Getting a credit card can be quite a liberating experience – until you find yourself deep in credit card debt. With the current economy the way it is, if you are carrying a large balance every month on you credit cards, you are possibly in a very risky financial position.
Aside from the bad economy and the dry up in employment, you will also have to contend with increasing interest rates and fees. Banks are currently very eager to earn as much as they can out of you. You see, not only are credit institutions in a bind due to the economic crisis, they are also in a hurry to earn as much as they can before the credit card bill takes action against them, which should be around February next year. Right now, it is a very bad time to be a credit card holder with a big debt.
So how can you get yourself out of credit card debt? There are no hard and fast rules on how you can do this. It depends mostly on what your financial situation is like and what can work for one person may not work for another. However, one thing that every credit card holder who wants to zero out their balance should do is to review their financial situation. Basically, you want to figure out how much you owe and how much you earn. Figure out where your finances are going to every month, how optimal is your credit card payment set up and how much “free” every month.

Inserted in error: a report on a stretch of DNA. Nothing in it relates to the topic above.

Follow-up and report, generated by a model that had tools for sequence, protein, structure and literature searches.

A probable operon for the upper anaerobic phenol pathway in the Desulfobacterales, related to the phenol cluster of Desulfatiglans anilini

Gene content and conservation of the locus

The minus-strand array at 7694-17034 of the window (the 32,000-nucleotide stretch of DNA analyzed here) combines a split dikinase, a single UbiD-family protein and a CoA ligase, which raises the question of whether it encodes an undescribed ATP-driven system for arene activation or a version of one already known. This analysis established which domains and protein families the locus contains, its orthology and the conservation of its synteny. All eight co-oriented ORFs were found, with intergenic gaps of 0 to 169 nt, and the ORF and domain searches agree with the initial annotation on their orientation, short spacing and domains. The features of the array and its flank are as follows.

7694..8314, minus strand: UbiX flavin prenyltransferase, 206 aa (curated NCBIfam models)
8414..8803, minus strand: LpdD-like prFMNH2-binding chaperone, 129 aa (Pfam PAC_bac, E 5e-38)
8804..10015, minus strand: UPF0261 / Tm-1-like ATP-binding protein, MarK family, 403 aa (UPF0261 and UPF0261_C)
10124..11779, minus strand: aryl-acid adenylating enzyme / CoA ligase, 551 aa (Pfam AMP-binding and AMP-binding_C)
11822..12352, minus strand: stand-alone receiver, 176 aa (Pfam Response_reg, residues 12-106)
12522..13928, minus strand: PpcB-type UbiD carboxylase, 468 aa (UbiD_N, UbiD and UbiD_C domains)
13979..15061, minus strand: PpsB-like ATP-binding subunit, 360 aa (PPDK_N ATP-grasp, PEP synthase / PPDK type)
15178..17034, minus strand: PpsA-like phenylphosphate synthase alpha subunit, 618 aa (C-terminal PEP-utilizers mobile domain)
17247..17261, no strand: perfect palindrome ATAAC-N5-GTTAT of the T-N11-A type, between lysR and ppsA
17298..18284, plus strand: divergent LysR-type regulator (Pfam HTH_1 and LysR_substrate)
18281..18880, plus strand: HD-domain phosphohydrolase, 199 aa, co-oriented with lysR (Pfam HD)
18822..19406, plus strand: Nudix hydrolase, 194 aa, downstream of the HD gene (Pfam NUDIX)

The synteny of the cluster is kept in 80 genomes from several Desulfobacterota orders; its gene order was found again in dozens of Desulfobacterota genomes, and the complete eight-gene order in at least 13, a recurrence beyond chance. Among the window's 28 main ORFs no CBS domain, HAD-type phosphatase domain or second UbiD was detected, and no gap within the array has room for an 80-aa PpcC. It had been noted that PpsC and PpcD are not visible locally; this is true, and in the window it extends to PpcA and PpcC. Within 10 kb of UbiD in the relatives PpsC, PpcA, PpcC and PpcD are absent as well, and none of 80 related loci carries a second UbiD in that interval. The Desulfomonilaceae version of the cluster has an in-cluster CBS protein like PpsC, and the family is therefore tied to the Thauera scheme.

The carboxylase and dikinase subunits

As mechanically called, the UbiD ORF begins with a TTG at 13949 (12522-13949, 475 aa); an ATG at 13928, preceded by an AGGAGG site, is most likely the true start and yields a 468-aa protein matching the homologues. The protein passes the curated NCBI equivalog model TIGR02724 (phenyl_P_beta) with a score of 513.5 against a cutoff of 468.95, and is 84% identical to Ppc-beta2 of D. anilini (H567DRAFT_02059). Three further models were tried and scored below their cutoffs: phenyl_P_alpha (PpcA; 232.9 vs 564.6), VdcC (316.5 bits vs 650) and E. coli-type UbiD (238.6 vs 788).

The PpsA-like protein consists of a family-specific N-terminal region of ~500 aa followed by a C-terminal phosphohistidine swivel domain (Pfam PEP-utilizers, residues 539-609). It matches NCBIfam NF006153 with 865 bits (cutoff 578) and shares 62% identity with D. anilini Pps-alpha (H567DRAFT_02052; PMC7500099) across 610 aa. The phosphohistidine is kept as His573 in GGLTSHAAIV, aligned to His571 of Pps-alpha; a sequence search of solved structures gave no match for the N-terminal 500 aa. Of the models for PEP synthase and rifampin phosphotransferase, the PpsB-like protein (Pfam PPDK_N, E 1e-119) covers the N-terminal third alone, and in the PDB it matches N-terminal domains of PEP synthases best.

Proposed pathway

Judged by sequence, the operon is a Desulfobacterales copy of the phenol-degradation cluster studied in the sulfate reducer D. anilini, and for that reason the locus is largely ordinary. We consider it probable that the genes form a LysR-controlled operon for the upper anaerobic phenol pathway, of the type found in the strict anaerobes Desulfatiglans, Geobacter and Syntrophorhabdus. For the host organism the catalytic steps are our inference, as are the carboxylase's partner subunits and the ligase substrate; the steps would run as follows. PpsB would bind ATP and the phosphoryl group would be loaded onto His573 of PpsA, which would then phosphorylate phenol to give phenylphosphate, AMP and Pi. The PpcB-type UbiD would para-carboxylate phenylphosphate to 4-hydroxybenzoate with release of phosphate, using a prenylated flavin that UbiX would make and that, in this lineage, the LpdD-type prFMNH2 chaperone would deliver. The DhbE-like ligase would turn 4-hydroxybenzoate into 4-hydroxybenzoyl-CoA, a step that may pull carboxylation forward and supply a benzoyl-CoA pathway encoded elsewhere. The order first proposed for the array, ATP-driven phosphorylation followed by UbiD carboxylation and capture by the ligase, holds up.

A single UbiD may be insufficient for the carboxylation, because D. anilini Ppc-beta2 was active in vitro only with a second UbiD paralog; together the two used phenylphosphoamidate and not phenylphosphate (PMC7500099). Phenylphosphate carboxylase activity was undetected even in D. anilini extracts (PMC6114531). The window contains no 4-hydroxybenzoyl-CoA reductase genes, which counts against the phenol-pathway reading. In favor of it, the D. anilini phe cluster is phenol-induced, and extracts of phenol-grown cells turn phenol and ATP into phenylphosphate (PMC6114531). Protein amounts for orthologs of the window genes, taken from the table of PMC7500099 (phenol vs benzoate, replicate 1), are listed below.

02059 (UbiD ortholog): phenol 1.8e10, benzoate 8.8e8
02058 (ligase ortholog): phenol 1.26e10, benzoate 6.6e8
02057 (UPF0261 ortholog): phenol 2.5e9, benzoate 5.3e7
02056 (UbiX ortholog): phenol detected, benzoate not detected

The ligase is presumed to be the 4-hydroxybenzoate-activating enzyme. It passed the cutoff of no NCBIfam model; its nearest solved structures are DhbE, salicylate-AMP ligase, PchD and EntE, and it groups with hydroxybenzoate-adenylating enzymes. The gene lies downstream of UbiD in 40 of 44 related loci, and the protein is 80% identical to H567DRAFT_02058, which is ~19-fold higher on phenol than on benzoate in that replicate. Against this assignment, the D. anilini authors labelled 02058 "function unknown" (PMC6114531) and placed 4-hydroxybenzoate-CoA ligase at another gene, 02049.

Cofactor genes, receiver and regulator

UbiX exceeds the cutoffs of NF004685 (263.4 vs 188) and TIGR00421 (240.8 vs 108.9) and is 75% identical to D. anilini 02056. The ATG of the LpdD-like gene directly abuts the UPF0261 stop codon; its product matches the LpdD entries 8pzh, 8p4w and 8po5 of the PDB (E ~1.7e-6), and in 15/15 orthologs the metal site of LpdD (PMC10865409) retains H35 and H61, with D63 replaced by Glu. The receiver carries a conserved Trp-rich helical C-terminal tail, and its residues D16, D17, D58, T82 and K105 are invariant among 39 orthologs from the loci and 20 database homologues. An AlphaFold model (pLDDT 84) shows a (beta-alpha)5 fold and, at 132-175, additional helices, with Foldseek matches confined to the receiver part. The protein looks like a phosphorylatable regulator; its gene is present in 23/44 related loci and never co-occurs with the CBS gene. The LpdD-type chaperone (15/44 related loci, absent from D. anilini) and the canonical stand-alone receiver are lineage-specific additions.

To start with, list down all your credit cards. For each of your credit lines, list your balance, their minimum payments and interest rates. After doing that, figure out your income and see how much is the exact amount that you can safely allocate to debt payments every month. Although it is tempting to allocate as much as possible to debt payments, make sure to reserve some cash for day to day expenses. Also, give yourself some financial leeway for unexpected events.
Once you've got that list and you've figured out your available cash for debt payment, pay off the cards with the smallest balance first, regardless of its interest rate. Now list your cards according to their rate of interest. Schedule your payments so that you make only the minimum payments for all your credit cards except the one with the highest interest rate. The remaining debt payment allocation that you have should go to paying off your credit card with the highest interest rate. Once that's done, move on to the card with the next highest interest rate until you have all your debts paid off.